22. The complainant had also said that he considered the second article was misleading to state that he had “received a notice of investigation by the party over three posts”, without mentioning what the three tweets under investigation were. The Committee noted that it was not in dispute that the complainant had received notice of an investigation by the party in relation to three posts; the complainant’s concerns lay with the omission of which specific posts the investigation was in relation to. The Committee noted that the article made no suggestion that any of the social media posts already referenced were the posts which the complainant was being investigated over; rather, it stated that he had “received a notice of investigation by the party over three posts”. For this reason, the Committee did not consider the publication’s account of the situation was inaccurate or misleading and there was no breach of Clause 1 on this point.

23. The complainant had also said that both articles as a whole were inaccurate as he considered they suggested that he still held the views expressed in the headlines. The complainant added that it was only made clear at the end of the first article that this was not the case. The Committee noted that the headline of the first article stated that the complainant “wished death and mutilation on 'Zionists'”, with the past tense indicating that the ”wish” had happened previously. The tweets referenced in the course of that article were clearly dated.  In addition, the second article, a follow up to the first, made no suggestion that the complainant still held the views expressed in the headline, with the exception of the inaccurate dating of one tweet in the sub-headline. However, the body of the second article clearly dated all the posts referred to and, furthermore, included the complainant’s recent comments on his current stance in relation to his previous views. As such, the Committee was satisfied that the articles made clear when the statements had been made and as such there was no breach of Clause 1 on this point.

24. The complainant had also said that Clause 2 and Clause 3 had been breached. The complainant’s social media account was public and had no privacy restrictions, and therefore he did not have a reasonable expectation of privacy over the information included in it. In addition, the Tweets were about views that the complainant had chosen to share with a public audience and reporting them did not represent an intrusion into the complainant’s private life. The complainant had also said that he considered it was a breach of his privacy to speak to individuals at the Labour party and the Cabinet Office. The Committee noted the Code does not prevent newspapers from speaking to third parties in relation to stories or approaching people for comment. There was no breach of Clause 2.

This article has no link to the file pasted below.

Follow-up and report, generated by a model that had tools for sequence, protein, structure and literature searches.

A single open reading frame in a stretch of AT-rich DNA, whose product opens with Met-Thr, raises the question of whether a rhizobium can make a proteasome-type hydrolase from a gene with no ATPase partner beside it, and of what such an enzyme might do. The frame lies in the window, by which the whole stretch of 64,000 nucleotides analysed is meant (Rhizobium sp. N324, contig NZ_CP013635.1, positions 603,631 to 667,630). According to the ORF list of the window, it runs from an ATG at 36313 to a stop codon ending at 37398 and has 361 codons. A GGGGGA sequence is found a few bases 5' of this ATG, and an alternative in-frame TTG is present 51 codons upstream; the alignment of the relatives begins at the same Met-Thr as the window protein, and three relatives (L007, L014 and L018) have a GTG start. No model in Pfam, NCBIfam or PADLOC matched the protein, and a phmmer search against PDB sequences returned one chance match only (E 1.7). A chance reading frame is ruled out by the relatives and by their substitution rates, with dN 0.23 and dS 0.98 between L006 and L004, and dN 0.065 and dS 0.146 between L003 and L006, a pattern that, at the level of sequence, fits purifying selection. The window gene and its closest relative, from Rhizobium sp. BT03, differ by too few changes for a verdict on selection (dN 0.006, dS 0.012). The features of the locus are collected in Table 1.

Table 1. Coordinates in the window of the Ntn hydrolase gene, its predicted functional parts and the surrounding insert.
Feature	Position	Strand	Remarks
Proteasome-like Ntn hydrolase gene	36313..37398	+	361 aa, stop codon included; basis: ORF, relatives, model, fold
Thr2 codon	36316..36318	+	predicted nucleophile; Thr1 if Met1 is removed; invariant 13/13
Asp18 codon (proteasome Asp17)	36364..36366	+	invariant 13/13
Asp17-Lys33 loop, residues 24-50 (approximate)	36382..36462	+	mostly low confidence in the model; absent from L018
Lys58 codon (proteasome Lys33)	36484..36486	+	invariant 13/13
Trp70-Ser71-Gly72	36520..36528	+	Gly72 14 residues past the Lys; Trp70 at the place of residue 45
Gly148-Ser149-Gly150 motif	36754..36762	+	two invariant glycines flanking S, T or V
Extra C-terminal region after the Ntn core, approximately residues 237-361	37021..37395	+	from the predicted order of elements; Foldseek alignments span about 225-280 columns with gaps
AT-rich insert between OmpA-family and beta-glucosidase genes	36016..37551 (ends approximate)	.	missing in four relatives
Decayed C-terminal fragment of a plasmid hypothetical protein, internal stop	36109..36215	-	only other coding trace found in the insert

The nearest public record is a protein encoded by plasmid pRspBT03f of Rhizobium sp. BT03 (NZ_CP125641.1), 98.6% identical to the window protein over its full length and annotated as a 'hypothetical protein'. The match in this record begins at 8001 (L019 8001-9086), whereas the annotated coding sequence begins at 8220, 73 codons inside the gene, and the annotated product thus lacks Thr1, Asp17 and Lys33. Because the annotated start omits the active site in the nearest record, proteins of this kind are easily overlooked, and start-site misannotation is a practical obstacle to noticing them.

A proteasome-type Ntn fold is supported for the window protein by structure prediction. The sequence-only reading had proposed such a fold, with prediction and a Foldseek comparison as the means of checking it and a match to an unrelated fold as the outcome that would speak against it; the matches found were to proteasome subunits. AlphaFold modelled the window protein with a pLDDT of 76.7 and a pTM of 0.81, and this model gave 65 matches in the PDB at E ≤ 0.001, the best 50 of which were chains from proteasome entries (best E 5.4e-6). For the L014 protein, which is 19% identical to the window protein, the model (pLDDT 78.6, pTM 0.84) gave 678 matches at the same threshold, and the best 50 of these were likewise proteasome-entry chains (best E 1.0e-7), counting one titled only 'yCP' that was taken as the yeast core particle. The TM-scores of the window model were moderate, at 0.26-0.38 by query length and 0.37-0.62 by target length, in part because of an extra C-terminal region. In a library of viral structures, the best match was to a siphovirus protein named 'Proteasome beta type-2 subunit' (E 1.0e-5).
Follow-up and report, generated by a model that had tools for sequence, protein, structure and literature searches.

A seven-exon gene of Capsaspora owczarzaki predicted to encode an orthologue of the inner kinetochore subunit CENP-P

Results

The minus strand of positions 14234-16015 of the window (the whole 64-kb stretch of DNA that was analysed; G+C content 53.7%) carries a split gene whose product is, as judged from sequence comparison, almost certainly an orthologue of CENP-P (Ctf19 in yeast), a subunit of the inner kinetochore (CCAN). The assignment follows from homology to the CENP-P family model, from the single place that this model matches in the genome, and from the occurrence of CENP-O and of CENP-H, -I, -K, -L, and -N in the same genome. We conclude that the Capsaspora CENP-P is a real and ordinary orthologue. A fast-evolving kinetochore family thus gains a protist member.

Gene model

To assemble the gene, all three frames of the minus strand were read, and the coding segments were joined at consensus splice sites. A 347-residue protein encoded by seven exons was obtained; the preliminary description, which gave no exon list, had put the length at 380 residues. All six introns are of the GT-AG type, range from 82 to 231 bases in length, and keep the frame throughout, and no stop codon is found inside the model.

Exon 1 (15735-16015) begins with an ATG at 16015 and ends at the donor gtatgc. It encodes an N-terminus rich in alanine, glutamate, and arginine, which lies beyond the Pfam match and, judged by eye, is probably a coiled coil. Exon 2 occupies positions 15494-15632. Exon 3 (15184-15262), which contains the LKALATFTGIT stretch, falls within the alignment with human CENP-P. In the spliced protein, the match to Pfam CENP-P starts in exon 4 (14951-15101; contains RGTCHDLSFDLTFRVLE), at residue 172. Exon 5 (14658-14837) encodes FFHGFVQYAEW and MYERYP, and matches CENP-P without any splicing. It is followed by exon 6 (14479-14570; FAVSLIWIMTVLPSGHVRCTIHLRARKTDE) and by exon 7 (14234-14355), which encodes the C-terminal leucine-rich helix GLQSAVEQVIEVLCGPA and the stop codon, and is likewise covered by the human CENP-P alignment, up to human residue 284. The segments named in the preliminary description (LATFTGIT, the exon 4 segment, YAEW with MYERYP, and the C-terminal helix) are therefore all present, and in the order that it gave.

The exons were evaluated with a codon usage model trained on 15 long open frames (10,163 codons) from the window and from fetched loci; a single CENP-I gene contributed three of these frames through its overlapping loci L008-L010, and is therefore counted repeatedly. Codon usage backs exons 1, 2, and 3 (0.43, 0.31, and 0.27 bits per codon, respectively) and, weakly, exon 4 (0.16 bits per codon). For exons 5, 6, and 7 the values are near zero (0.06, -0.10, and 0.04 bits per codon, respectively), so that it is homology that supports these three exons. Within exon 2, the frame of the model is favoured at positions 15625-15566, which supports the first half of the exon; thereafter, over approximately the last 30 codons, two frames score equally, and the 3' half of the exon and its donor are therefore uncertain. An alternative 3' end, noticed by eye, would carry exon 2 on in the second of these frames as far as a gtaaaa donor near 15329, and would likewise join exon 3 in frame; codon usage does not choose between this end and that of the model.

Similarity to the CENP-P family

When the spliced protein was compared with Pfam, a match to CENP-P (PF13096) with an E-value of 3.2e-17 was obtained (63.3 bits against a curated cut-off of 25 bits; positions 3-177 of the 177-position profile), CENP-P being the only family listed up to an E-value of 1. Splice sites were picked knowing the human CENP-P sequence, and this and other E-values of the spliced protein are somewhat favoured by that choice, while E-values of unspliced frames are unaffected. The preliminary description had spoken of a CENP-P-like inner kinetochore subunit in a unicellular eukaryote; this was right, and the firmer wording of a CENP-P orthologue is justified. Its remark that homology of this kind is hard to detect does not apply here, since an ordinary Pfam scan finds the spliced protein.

25. The complainant considered there had been a breach of Clause 3 as he believed it was harassing for two articles to have been published about him within the space of a month. The Committee did not consider that two articles published over the period of a month represented a pattern of behaviour which could be said to be harassing. There was no breach of Clause 3.

Conclusion(s)

26. The complaint was partially upheld under Clause 1.

Remedial Action Required

27. The correction which was offered clearly put the correct position on record, and was offered promptly and with due prominence, and should now be published.


Date complaint received: 02/02/2022

Date complaint concluded by IPSO: 30/08/2022